“I was really surprised when I got there and I found that the body of work by the individuals in the competition – of the other five folks who were selected — included senior-year research projects and those that spanned all four years of their undergraduate education,” Gevers said. “Meantime, I had a much more tailored, rushed project, where I built it out over a month and a half, devoting all my time to it.”
Eikenberry said Gevers has taken two of her classes and that he stood out in both, including one class that had more than 100 students and was presented entirely online.
“He was always engaged in the class material and even helped other students with some difficult course material,” she said. “Given my experience with him in class, I had no doubt that he would do a great job.
“We did talk about the possibility of him completing something for next year’s competition, but he seemed ready and willing to give it a go this year despite the shortened time period and despite a pre-planned vacation.”
Gevers said the business law education that he received from Eikenberry “prepared me to understand this wealth of material. Her class and her guidance really helped me get to a mental state where I was understanding what I was reading.” He also acknowledged the training he received in an “intense” honors business writing class, where he had to produce 30-page reports in a short amount of time, and other Kelley classes that taught him how to think logically and analytically.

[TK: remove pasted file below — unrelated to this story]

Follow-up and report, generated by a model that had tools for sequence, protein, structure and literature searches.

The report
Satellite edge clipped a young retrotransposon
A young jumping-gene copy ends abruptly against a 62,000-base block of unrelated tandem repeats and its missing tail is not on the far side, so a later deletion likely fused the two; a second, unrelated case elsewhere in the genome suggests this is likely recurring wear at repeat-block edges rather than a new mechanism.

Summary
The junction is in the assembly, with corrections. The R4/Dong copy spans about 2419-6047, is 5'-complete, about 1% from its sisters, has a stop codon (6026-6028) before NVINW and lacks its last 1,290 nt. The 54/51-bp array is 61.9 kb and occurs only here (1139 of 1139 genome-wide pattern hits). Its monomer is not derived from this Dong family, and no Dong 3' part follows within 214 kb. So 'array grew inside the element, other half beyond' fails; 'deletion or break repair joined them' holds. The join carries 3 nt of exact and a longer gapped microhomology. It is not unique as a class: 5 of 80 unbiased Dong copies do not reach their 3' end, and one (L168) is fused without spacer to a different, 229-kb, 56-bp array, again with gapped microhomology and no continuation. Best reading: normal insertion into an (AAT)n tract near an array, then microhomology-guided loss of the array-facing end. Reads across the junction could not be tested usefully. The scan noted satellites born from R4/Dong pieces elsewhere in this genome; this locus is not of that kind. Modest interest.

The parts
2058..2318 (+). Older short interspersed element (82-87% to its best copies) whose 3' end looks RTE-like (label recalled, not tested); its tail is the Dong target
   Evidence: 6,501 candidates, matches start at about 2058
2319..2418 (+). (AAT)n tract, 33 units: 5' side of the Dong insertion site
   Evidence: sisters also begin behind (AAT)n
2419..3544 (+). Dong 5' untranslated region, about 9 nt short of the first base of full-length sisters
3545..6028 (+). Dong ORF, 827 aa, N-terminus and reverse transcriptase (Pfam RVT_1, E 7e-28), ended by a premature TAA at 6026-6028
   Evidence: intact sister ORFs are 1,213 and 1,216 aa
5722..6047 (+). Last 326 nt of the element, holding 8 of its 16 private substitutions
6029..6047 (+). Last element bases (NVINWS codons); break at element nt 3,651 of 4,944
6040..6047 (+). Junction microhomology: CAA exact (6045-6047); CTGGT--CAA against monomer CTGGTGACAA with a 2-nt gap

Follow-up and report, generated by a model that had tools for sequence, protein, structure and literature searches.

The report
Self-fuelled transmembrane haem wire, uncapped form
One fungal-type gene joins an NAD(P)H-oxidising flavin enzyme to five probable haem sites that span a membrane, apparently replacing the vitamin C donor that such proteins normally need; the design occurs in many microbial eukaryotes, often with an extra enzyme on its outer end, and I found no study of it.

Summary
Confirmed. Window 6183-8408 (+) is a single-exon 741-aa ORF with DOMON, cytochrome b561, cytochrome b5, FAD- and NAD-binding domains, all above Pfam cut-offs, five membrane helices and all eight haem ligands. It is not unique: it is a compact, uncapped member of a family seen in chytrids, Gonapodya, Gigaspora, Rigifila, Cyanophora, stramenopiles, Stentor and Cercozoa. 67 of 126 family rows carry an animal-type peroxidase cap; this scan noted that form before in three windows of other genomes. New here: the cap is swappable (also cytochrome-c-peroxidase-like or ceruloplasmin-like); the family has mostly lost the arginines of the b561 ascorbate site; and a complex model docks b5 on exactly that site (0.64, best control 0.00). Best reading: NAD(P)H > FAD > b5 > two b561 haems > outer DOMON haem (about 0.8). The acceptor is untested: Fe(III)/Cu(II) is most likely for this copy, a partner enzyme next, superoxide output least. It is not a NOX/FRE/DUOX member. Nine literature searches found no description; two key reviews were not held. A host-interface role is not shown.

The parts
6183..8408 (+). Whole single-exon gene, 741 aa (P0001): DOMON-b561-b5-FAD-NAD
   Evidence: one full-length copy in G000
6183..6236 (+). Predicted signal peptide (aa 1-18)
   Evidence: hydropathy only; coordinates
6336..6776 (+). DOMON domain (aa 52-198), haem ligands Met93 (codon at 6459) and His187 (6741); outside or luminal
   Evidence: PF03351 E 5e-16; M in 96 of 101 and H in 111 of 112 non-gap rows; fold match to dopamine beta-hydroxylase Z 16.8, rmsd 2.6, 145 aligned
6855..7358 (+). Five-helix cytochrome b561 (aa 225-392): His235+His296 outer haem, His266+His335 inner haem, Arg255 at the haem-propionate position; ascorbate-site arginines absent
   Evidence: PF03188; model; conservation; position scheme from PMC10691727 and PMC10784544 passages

The student research competition is a unique opportunity for undergraduate students, particularly those interested in the law, because it also is open to master’s and law students. Each finalist had 20 minutes to present their research and five minutes to answer questions from conference attendees. The written paper is worth 50% of the final competition score and the ALSB oral presentation is worth the other half of the final score.
One the day of the competition, “Rob knocked the presentation out of the park,” Eikenberry said. “I had a number of people approach me afterwards and tell me how impressed they were with it. Someone even said it was basically like watching a Ted Talk.”